What does Judges 5:24 mean?
ESV: “Most blessed of women be Jael, the wife of Heber the Kenite, of tent-dwelling women most blessed.
NIV: Most blessed of women be Jael, the wife of Heber the Kenite, most blessed of tent-dwelling women.
NASB: 'Most blessed of women is Jael, The wife of Heber the Kenite; Most blessed is she of women in the tent.
CSB: Most blessed of women is Jael, the wife of Heber the Kenite; she is most blessed among tent-dwelling women.
NLT: 'Most blessed among women is Jael, the wife of Heber the Kenite. May she be blessed above all women who live in tents.
KJV: Blessed above women shall Jael the wife of Heber the Kenite be, blessed shall she be above women in the tent.
NKJV: “Most blessed among women is Jael, The wife of Heber the Kenite; Blessed is she among women in tents.
Verse Commentary:
Having delivered a curse to the people of a town called Meroz, Deborah's song now dispenses a blessing to Jael, the wife of Heber (Judges 4:11). She killed Sisera, the commander of the Canaanite army (Judges 4:17–21). That involved lulling the fleeing general into sleep, only to drive a wooden spike through his skull.

God's providence—His ability to "provide" through an arrangement of events rather than by direct action—means He can use anything, even human evil, to accomplish good purposes. The previous chapter's straightforward reporting offered no commentary on Jael's deed. She was used by the Lord to kill Sisera, helping to rescue Israel from brutality (Judges 4:1–3). The initial account did not say whether what she did, itself, was good or bad. Was she a hero, striking down a brutal oppressor? Or was she a manipulative, betraying murderess? Deborah's song does not hold back, pronouncing Jael to be the most blessed of tent-dwelling women.

Jael's action cannot be judged appropriately without fully understanding its context. When Israel first approached the Promised Land of Canaan, God gave a dire command about the Canaanites who lived there. Because of the culture's pervasive sin—including child sacrifice and sexual depravity—Israel was to utterly eliminate them from the land (Deuteronomy 20:16–17). This was not only to judge those nations for their evil (Deuteronomy 7:1–5; 9:4–5), but to prevent Israel from falling into their habits (Deuteronomy 20:18). The people's failure to follow this command is what led to their cycle of sin and subjugation (Judges 2:10–19).

Sisera—the man ambushed and killed by Jael—had long been tormenting Israel. Verses later in Deborah's song (Judges 5:1) imply he had a reputation for taking female captives (Judges 5:30). He was fleeing a battle to which God had called His people. Jael was not murdering for personal gain or out of ambition. She was taking advantage of an opportunity, to strike down a hated, wicked, dangerous enemy. She showed initiative that many in Israel failed to exhibit (Judges 5:15–17). Despite her husband Heber's peace agreement with Jabin, Jael acted for the Lord and for the people of the Lord.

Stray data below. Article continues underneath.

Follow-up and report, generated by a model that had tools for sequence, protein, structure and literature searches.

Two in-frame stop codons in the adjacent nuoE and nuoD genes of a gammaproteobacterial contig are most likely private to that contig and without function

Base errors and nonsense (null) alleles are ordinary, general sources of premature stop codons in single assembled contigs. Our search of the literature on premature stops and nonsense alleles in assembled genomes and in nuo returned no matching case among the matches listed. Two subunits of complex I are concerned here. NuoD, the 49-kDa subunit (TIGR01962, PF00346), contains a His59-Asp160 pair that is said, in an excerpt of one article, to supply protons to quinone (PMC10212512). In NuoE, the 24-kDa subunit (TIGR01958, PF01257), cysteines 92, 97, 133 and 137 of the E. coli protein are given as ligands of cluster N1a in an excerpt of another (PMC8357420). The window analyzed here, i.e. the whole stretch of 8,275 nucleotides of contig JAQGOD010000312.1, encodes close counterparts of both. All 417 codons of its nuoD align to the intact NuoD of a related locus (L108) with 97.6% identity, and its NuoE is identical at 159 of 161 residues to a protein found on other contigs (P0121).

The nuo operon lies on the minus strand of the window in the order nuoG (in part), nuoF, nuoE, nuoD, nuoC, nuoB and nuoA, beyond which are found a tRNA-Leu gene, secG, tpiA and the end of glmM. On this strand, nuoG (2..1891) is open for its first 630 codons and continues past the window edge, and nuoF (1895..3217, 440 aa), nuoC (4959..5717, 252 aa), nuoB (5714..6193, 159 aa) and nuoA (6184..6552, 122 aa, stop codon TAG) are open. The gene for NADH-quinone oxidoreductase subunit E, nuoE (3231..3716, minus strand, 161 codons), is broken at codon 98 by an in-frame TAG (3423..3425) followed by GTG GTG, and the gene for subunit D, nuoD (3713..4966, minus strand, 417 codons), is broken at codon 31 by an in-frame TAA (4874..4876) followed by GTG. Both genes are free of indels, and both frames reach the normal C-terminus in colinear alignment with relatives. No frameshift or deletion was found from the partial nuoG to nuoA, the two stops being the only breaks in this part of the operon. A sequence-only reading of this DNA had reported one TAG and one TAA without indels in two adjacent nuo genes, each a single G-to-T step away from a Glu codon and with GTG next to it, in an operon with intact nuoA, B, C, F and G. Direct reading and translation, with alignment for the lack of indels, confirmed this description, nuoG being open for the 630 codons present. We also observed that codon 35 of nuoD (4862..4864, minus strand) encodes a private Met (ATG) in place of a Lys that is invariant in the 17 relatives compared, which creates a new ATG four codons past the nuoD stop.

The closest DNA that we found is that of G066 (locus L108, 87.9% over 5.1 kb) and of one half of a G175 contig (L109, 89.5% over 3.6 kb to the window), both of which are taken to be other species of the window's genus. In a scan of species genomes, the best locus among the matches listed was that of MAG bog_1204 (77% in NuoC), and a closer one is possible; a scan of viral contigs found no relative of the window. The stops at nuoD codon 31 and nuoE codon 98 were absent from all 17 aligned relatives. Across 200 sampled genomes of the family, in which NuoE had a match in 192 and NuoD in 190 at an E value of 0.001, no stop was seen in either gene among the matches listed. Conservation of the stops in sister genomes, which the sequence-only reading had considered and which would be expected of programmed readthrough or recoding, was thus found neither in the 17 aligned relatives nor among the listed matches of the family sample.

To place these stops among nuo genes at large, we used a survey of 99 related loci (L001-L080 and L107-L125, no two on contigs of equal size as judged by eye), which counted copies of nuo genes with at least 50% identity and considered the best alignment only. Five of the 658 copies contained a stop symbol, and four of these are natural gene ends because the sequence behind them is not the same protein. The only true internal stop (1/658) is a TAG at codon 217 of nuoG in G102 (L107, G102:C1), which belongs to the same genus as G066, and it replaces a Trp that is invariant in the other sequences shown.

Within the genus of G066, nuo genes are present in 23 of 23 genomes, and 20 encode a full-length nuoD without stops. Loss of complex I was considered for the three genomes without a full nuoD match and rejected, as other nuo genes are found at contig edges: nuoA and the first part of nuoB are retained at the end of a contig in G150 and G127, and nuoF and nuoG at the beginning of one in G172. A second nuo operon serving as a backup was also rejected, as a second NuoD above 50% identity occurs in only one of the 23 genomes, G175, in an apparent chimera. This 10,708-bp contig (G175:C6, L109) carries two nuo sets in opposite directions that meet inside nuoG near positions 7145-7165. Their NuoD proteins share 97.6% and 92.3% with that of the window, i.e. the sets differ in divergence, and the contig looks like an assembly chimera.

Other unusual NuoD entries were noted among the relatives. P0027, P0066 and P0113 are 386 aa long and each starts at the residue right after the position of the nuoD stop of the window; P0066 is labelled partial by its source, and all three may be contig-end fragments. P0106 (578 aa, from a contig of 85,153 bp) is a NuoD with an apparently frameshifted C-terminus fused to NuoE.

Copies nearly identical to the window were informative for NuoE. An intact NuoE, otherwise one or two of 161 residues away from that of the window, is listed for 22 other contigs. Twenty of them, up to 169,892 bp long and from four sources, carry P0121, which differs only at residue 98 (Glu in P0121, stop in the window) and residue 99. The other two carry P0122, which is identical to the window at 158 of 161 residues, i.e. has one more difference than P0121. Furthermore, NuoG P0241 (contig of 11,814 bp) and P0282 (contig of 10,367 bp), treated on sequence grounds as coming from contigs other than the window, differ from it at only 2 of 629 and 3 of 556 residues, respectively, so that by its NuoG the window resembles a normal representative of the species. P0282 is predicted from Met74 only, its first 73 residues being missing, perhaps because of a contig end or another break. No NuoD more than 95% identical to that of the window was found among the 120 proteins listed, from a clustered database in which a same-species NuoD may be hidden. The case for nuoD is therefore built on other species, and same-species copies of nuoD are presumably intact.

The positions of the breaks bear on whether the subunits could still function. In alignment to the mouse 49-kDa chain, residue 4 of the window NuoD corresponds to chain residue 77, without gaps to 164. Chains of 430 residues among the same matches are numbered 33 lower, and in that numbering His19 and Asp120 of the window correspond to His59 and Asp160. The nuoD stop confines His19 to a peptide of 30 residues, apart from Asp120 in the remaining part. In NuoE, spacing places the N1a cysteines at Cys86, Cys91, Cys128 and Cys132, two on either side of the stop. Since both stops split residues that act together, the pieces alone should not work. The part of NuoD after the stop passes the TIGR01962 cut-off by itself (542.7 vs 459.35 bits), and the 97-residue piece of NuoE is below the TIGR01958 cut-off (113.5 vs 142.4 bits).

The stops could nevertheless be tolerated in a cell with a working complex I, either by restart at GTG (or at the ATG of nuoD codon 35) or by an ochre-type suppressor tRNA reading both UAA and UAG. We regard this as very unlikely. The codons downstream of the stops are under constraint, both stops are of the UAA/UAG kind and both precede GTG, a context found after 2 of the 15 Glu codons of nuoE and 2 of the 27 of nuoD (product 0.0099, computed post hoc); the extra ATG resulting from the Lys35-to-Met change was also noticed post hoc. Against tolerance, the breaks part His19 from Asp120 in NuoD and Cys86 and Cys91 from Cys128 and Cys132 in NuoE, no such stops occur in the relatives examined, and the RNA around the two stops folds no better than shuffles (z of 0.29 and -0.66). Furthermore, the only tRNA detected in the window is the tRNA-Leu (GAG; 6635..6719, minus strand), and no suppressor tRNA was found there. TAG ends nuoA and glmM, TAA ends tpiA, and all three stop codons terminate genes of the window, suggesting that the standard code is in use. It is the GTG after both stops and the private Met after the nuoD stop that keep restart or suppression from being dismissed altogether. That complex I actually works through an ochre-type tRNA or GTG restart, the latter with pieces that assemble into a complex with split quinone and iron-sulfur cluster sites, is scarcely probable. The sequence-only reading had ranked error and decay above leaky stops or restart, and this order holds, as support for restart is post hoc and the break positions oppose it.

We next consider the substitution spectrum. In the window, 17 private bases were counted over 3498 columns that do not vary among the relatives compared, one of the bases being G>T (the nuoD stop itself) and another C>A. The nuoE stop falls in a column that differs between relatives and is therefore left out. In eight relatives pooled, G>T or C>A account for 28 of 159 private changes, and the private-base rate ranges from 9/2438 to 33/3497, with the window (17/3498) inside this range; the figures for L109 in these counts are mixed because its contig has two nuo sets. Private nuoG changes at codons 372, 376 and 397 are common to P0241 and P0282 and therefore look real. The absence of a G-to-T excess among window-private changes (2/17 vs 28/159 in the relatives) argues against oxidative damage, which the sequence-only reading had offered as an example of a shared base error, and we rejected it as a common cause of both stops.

This is not a small blessing from one woman to another. Deborah speaks through this song as a prophetess (Judges 4:4–5) and representative of Yahweh. God Himself is blessing Jael for her action in killing Sisera. The crucial moment is depicted in poetic detail in the following verses.
Verse Context:
Judges 5:24–31 completes a song of victory celebrating the defeat of the Canaanites (Judges 4:12–16). This especially notes the slaying of Sisera, Canaan's general, by the woman Jael. Her brutally efficient methods were described in the prior chapter (Judges 4:17–21). Sisera's death is given an especially dramatic, poetic treatment—the ancient written equivalent of a slow-motion sequence. The passage also imagines the surprise which will accompany Sisera's death, depicting it from the view of his mother and servants. The song ends with a plea that God would extend the same defeat to all His enemies. The peace won by Barak and Deborah (Judges 4:4–7) will last forty years.
Chapter Summary:
Deborah and Barak sing a victory song she has written. This celebrates all the Lord accomplished through Israel's victory in battle over Sisera and Canaan. She praises God for willing volunteers and calls for everyone to pass along the story. She tells of the torrent of water that flowed down the Kishon River and swept away the enemy. She describes in detail the death of Sisera at the hands of a woman and even shows his mother crying for his return. Her song emphasizes that credit for success goes to the Lord.
Chapter Context:
Judges 5 follows the narrative-style account of the battle between Sisera and Barak, as instigated by the prophetess Deborah in chapter 4. This chapter is a song, poetically depicting the same series of events. Deborah describes Sisera's defeat in battle, Jael's bold killing of the cruel general Sisera, and the tears of his mother as she waits for him at home. The following chapter shows that Israel—once again—responds to this hard-won peace with another cycle of idolatry, sin, and oppression (Judges 6:1).
Book Summary:
The Book of Judges describes Israel's history from the death of Joshua to shortly before Israel's first king, Saul. Israel fails to complete God's command to purge the wicked Canaanites from the land (Deuteronomy 7:1–5; 9:4). This results in a centuries-long cycle where Israel falls into sin and is oppressed by local enemies. After each oppression, God sends a civil-military leader, labeled using a Hebrew word loosely translated into English as "judge." These appointed rescuers would free Israel from enemy control and govern for a certain time. After each judge's death, the cycle of sin and oppression begins again. This continues until the people of Israel choose a king, during the ministry of the prophet-and-judge Samuel (1 Samuel 1—7).
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